Who makes a Will
A Testator is the person who makes and executes a Will because only they can give away their own property.
What is a Will and what exactly does it do
Have you ever thought about what a Will really is? Well, if you go on a long journey, you would normally leave a set of instructions for those left behind. These instructions would say what you would like done with your property while you are away. Once in a lifetime we all make a final journey. A Will is just a set of instructions for those left behind telling them what to do with what we own.
As life progresses you may come to own items such as a house, a car and various other things. These possession are your estate. And when you pass on, everything that you have collected in your lifetime has to be given away.
And if there is no Will
But, if you have not made a Will to say who inherits your possessions then the law will step in. It will distribute these possessions for you in ways and maybe to people that you might not have wanted. Life can become very complicated for your family if you have not made a Will. The larger your estate is, the more complex will be the task of distributing it. And of course the costs of doing so can grow enormously.
Is a Will really necessary
The law does not compel you to write a Will and the choice to do so is yours alone.
There are reams of articles published giving reasons why you should make a Will. But I believe it really comes down to three things. The first is that by making a Will, your possessions will go to the people you choose to have them. Secondly there maybe good opportunities to reduce the amount of Inheritance Tax that HMRC will want your estate to pay. Finally, you will usually make life easier for those people left behind that have to administer your estate. And these people will probably have been your lifelong friends and companions.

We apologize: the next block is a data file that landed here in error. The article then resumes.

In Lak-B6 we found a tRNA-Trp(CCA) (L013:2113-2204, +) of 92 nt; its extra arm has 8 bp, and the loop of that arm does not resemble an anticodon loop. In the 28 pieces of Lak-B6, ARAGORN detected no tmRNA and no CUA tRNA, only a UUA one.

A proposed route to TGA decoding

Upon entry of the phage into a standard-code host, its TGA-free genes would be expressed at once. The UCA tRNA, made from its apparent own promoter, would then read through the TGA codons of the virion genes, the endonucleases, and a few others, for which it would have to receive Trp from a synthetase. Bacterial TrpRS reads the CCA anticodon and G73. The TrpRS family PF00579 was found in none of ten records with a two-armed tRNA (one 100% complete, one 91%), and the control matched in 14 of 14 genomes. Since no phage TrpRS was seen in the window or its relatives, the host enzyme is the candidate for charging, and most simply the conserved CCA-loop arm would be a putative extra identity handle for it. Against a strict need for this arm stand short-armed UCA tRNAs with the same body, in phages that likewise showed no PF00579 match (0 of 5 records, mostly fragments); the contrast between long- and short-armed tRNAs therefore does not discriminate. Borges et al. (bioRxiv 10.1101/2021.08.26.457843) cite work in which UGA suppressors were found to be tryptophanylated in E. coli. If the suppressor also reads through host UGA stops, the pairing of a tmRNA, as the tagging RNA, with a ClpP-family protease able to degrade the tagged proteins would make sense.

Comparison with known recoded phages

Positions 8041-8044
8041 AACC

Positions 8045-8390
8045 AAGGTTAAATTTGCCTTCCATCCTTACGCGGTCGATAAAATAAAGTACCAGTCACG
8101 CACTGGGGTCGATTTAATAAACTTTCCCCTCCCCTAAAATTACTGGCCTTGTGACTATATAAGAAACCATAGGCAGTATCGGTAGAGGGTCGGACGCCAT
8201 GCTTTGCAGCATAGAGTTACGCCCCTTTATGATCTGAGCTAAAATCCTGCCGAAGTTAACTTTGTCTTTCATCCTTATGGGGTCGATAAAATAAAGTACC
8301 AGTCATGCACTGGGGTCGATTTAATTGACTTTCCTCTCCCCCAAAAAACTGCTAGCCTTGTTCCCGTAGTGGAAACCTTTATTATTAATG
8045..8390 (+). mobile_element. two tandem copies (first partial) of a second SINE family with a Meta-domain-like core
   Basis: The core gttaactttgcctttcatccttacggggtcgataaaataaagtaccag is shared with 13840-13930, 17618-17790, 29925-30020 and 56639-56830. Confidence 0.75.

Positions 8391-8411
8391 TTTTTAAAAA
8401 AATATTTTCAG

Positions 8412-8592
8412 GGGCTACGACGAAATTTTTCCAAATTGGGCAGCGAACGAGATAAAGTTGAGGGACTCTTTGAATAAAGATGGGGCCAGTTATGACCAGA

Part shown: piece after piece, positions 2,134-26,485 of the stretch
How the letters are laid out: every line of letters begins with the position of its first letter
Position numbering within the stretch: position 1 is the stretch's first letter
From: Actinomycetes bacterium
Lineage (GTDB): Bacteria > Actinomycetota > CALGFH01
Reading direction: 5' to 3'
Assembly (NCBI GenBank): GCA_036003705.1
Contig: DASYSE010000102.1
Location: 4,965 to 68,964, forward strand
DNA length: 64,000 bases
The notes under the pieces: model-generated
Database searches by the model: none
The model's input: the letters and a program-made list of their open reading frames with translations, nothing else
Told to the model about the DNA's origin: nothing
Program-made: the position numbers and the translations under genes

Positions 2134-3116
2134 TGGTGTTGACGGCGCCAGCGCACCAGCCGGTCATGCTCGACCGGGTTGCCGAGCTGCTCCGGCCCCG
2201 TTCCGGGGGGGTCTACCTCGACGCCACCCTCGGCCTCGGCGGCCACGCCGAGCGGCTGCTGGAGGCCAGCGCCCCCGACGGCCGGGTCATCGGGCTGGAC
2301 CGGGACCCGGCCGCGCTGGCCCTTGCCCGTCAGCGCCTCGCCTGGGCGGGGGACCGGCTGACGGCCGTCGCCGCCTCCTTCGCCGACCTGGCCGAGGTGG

I already have a Will
You may say ‘I have already made a Will’, if so, then consider this question. ‘Are my circumstances the same now as when I originally made my Will’. Perhaps they are but, the longer the period between originally writing your Will and the time you ask that question, then the more likely it is that your Will needs to be reviewed and possibly amended. If your circumstances are now seriously different then a new Will is the obvious choice. A Codicil allows you to easily make amendments without having to rewrite the entire Will as long as the changes are not extensive.
To sum up
If you have not made a Will why not consider making a Will now and have done with it. After all, it does not take long and a professional like myself can make it very, very easy to create a properly constructed, legally acceptable Will. If your current Will did it’s job but your circumstances or those of your family have changed then you have a choice. Leave things as they are or use the Contact Gerry option to explore what has changed and to discuss what changes could be made.
Use the Contact Gerry option to find out more.